Until Monday, it seemed that U.S. stock markets had largely ignored the coronavirus outbreak. While it seems so long ago, it was only last week that the S&P 500 was hitting record highs. However, in recent days, markets have sold off in dramatic fashion, including Monday’s 3.4% decline, the worst in two years.
While the coronavirus will have a substantial effect on China’s economic activity, we do not expect a significant impact to the U.S. economy. City National Rochdale estimates the hit to our Gross Domestic Product (GDP) to be in the area of 0.1-0.2%. Globally the impact may be much larger. When the SARS epidemic occurred in 2002, China made up only 4% of global GDP. Today they account for 16% of global GDP. Certain industries may be hit worse than others too. The Hubei Province of China is an industrial and transportation hub in the center of the country, producing automotive parts, electrical components, textiles and other goods used in the manufacturing process. Automotive manufacturers are very concerned about disruptions to their supply chain. Foxconn, a key component of Apple’s supply chain has already warned about a hit to its revenue due to the virus.
If the SARS epidemic is any indication, Chinese consumer demand should rebound quite quickly. So, the reduction in economic activity isn’t being lost, likely it is being postponed.
The good news, if there is much of it, is that the outbreak is occurring at a time when the global economy is recovering from the challenges of 2019. Trade relations seem to be thawing, while BREXIT has occurred and central banks around the globe have been injecting more and more stimulus into the economy. One other positive is that coronavirus concerns are hitting the U.S. just as Spring arrives, which typically coincides with a reduction in influenza reports. Perhaps the same will be said of the coronavirus. It is also worth noting that America’s adversaries may be embarking on a misinformation campaign surrounding the virus in attempts to create fear. While the virus is certainly a tragic humanitarian crisis, we just don’t see this becoming a significant economic disaster.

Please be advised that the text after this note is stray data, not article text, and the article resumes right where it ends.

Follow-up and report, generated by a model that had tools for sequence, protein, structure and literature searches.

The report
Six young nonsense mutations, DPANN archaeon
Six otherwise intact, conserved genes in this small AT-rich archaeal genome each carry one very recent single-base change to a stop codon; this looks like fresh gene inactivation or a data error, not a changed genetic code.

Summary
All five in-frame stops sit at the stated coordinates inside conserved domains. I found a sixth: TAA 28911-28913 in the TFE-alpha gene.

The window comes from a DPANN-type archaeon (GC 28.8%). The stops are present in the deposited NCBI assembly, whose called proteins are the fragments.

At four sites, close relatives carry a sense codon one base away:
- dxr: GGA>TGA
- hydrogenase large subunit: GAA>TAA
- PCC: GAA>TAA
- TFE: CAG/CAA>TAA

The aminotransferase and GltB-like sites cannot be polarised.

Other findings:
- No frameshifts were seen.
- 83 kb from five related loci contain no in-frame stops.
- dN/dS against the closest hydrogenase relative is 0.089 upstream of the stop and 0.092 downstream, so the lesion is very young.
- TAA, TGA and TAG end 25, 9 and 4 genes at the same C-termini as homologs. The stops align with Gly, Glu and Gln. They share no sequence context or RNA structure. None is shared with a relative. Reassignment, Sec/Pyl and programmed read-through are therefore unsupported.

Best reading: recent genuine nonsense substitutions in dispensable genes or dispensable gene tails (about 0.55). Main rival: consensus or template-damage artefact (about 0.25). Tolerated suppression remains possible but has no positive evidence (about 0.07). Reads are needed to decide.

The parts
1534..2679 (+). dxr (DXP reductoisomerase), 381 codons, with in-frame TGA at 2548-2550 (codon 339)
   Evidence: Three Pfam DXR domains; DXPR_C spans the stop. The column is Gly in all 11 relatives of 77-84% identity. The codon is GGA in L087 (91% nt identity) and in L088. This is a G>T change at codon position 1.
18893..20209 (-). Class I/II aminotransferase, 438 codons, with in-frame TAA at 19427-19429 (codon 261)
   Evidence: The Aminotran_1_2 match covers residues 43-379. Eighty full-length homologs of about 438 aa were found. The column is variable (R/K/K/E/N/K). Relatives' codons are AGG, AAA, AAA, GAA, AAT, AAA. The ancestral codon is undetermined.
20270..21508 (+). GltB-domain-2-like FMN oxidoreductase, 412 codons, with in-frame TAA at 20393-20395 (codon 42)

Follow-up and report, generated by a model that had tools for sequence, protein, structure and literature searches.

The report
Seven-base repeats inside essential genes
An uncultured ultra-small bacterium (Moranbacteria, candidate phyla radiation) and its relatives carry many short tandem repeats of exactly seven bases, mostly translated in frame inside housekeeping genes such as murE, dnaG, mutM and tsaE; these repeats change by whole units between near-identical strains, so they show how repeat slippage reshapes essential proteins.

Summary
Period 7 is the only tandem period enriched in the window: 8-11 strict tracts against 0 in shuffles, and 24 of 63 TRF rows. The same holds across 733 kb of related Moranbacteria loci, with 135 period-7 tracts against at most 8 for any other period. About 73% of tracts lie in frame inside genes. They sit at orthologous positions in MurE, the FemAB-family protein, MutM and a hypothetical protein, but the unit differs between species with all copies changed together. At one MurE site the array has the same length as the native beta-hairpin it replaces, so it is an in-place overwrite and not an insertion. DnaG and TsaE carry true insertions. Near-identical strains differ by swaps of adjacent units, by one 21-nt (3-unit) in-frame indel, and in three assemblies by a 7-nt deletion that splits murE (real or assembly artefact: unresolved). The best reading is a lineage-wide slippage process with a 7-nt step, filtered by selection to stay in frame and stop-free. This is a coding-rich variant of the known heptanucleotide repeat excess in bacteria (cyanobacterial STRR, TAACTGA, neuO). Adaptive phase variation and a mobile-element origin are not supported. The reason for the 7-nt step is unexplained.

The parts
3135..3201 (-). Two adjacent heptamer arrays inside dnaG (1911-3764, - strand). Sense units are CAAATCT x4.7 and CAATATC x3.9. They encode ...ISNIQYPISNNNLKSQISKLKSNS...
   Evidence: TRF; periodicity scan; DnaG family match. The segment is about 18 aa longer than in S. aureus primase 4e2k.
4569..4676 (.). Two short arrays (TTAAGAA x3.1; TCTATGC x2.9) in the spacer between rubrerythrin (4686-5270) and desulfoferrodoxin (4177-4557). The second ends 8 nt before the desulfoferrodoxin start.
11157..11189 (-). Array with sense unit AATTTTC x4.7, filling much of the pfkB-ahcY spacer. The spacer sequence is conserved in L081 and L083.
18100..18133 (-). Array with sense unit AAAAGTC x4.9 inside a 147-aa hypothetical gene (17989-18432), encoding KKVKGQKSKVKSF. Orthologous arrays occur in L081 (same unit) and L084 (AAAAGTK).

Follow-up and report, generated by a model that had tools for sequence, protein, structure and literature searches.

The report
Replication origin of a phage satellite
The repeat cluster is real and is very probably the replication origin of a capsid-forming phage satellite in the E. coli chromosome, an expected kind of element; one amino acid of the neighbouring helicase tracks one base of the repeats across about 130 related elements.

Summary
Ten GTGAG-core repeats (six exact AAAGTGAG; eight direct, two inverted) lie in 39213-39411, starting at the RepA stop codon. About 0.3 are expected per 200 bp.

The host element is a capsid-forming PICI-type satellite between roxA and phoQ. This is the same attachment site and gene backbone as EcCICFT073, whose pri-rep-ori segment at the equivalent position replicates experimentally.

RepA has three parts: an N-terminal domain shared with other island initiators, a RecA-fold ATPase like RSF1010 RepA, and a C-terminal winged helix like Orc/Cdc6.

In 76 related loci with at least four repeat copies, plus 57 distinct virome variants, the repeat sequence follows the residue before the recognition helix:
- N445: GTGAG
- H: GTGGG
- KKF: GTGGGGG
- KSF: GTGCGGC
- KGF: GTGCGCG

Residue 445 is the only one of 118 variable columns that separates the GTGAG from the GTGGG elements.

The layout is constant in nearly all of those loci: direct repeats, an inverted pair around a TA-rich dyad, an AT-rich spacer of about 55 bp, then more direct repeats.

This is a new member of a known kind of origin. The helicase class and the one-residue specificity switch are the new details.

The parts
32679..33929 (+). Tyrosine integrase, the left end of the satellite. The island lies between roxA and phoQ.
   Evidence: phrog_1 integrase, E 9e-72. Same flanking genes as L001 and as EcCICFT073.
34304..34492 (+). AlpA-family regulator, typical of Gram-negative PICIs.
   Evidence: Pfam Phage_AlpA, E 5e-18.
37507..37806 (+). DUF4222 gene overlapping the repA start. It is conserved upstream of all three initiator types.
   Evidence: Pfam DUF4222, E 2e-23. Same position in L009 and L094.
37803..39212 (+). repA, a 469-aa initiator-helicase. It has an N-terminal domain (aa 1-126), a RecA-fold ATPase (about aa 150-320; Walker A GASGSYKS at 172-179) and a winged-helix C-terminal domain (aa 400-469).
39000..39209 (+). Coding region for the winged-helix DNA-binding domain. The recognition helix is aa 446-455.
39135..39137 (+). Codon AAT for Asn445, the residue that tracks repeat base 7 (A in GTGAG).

It’s possible the coronavirus outbreak was the catalyst for a market correction that was likely to happen anyway. 2019’s great market returns were not matched by similarly stellar economic metrics and stock prices were reaching somewhat lofty levels relative to corporate earnings. Remember, market corrections (selloffs of 10% or more) are very common and happen on average once per year. Occasional selloffs are a normal part of investing and you shouldn’t let short-term market events alter your long-term investing plans. At EBW, our portfolios are built based on the understanding that we will experience scary downturns from time to time. As our intermediate-term outlook for the U.S. economy has not changed, our advice is to buckle up and stay the course. This too shall pass.
As always, we appreciate your trust and confidence and welcome any opportunity to talk with you about your thoughts and concerns. Please reach out to your advisor if you would like to discuss this in greater detail.
All the best,
Your Friends at EBW
This information was taken from sources deemed to be reliable however Voya Financial Advisors is not responsible for the accuracy of this information. Any opinions/views expressed within the information does not necessarily reflect those of Voya Financial Advisors. In addition, they are not intended to provide specific advice or recommendations for any individual.
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